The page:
AmCham Comment on 2017 Philippine Net FDI 2018

March 15, 2018


As long-time strong proponent of increased FDI in the Philippines, the American Chamber of Commerce of the Philippines is pleased to learn from the March 12 Bangko Sentral Pilipinas announcement that the country recorded a net inflow of US$10.05 billion in 2017.

This is great progress from 2010 when we advocated an annual FDI target of $7.5 billion after the year of 2009 when net FDI was $2.04 billion. The 2018 amount represents a 400% increase over 2009.

FDI remains very strong throughout Southeast Asia. Data taken from the BSP website for the first nine months of 2017 is shown in the table below and totaled $96 billion for the ASEAN-6 economies. (China reported $89 billion in the same period.)

With a total FDI in 2018 exceeding $10 billion, the Philippines has attained a level close to those fast-growing ASEAN economies have enjoyed for many years.

With its enormous potential, we believe the Philippines should attract even higher levels of FDI in future years. According to the BSP, 60% of the 2018 total was comprised of “intercompany borrowings.” This appears to indicate that existing investors familiar with the country are expanding operations. We expect this trend to continue so long as high GDP growth is maintained, and we hope that the 30% classified as “equity” is going into new investments.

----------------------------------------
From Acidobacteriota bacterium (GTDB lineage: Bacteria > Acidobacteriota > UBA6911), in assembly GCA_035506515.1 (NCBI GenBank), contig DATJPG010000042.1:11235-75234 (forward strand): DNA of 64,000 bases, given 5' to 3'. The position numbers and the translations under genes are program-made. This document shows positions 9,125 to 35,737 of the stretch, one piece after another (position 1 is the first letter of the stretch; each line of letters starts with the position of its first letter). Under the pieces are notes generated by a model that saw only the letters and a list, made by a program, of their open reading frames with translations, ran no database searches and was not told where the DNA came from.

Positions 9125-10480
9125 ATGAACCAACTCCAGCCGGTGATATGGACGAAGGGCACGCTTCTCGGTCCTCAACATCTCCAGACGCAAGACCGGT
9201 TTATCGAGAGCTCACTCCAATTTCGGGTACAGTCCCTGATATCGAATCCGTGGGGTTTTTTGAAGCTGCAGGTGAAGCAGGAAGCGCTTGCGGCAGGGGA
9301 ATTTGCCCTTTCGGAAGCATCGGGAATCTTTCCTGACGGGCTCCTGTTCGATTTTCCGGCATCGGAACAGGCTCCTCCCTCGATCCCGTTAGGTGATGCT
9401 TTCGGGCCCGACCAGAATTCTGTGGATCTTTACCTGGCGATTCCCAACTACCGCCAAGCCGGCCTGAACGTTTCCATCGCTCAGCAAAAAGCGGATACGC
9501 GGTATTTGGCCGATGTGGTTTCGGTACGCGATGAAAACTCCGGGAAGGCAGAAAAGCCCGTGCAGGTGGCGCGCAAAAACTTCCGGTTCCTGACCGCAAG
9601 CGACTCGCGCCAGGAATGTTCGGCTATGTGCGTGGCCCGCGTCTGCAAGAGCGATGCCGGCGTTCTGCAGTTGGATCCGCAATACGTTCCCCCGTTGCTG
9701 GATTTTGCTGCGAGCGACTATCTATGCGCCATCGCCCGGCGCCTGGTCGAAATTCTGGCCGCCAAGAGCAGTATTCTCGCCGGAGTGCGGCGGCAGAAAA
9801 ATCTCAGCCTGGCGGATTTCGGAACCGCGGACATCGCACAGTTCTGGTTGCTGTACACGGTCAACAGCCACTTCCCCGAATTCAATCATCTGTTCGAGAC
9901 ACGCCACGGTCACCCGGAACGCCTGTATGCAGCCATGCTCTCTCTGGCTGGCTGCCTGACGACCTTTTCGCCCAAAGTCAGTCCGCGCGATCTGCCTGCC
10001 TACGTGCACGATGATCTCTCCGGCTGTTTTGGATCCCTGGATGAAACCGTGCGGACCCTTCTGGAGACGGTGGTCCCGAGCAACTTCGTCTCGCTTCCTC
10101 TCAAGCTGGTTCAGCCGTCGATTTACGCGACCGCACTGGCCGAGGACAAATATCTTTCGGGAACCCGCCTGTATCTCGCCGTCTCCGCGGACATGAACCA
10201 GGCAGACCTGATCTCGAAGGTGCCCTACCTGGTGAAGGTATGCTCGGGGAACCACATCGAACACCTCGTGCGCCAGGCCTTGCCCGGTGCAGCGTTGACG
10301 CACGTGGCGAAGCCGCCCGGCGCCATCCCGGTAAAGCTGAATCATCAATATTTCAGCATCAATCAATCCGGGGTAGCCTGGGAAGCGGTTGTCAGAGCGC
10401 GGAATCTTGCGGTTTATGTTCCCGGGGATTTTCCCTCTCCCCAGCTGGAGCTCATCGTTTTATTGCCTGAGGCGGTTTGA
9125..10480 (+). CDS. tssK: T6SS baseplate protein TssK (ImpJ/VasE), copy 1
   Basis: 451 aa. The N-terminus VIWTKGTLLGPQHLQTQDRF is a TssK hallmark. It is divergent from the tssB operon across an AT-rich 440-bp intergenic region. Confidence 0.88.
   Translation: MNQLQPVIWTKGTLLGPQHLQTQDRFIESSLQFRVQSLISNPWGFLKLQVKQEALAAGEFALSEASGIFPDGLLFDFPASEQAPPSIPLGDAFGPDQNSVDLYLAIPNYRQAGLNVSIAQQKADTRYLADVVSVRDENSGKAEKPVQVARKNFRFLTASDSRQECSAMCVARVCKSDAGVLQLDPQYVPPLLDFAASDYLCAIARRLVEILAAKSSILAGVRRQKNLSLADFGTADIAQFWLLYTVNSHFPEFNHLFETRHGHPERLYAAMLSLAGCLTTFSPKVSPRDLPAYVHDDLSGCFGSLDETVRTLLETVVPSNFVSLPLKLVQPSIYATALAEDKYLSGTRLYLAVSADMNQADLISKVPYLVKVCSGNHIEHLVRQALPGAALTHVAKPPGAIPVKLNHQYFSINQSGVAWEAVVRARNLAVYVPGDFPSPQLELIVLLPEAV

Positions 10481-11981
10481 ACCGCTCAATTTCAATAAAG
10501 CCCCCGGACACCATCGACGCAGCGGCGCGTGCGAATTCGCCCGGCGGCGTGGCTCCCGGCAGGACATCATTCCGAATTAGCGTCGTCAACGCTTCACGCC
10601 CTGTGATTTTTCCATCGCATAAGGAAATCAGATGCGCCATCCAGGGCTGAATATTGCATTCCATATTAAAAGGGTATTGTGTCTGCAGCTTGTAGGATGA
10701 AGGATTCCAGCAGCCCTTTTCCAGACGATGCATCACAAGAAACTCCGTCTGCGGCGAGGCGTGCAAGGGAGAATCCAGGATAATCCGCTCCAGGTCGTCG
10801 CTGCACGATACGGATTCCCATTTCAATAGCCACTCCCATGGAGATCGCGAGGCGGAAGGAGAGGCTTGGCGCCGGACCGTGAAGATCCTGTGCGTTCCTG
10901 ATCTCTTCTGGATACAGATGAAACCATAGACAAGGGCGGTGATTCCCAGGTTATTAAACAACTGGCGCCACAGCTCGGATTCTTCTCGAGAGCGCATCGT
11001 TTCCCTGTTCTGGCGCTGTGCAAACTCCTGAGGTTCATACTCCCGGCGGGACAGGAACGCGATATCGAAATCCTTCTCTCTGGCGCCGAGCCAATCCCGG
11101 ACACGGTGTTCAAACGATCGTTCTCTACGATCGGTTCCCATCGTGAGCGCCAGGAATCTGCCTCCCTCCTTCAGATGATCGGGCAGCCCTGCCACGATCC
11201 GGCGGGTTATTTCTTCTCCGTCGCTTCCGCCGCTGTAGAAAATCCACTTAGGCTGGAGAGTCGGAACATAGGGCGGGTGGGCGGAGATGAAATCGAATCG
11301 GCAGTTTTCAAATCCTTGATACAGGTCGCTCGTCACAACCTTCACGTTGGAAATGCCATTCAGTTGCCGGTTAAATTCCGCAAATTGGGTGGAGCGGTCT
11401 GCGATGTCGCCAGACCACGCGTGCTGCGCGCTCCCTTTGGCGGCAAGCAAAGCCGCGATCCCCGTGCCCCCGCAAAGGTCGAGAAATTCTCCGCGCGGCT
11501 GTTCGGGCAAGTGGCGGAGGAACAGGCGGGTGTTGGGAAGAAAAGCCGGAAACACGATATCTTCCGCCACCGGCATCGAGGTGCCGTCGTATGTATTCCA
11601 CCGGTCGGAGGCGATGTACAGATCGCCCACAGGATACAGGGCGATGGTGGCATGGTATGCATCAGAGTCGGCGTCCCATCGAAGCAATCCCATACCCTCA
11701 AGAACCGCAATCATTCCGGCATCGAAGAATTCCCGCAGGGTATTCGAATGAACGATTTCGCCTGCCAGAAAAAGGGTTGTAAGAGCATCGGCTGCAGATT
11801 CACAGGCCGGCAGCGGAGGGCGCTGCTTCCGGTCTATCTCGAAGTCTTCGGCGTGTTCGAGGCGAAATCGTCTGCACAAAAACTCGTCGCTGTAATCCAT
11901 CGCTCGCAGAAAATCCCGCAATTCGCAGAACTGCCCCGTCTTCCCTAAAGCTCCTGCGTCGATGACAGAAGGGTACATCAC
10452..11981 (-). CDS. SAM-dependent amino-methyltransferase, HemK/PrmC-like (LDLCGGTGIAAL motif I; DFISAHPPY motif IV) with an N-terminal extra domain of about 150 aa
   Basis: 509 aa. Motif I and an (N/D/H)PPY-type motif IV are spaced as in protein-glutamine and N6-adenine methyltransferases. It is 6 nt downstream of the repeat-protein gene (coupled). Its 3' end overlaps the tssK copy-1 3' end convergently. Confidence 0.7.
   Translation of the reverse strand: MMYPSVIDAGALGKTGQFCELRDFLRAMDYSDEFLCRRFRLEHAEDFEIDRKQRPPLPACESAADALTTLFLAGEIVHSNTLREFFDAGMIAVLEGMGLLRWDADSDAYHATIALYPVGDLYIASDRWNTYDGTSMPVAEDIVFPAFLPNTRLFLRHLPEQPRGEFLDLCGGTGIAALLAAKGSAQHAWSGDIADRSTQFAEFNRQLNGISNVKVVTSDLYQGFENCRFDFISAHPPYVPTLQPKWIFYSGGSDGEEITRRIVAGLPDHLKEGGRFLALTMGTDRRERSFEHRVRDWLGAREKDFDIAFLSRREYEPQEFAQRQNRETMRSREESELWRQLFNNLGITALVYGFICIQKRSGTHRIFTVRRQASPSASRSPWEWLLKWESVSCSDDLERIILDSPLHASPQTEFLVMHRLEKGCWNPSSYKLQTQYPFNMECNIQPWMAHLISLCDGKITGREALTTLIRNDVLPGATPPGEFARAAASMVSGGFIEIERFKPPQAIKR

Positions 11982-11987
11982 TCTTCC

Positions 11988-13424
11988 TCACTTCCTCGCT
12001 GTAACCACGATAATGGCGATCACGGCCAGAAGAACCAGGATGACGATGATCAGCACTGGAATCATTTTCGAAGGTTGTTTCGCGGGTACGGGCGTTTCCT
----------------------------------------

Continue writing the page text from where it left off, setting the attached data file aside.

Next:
The reforms being made by the government to reduce restrictions on foreign investment should attract new foreign investment in future years. Another reform that would support increased foreign investment would be the lifting of the 6-year old moratorium on new mining production projects to allow responsible mining activity.

However, new investment may be weakening, as indicated by recent data from PEZA and the BOI. During 2017, the manufacturing component of approved investment in PEZA decreased 46% from 2016, while the information technology component decreased 49%. The BOI reported that approved foreign investments in the fourth quarter of 2017 were only PhP22 billion, the lowest in 8 years, while domestic firm applications reached a record level. Since the PEZA and BOI data predicts future FDI inflows, this data, unless reversed, could indicate a dark cloud on the horizon.

To download the .PDF version of this announcement, click here.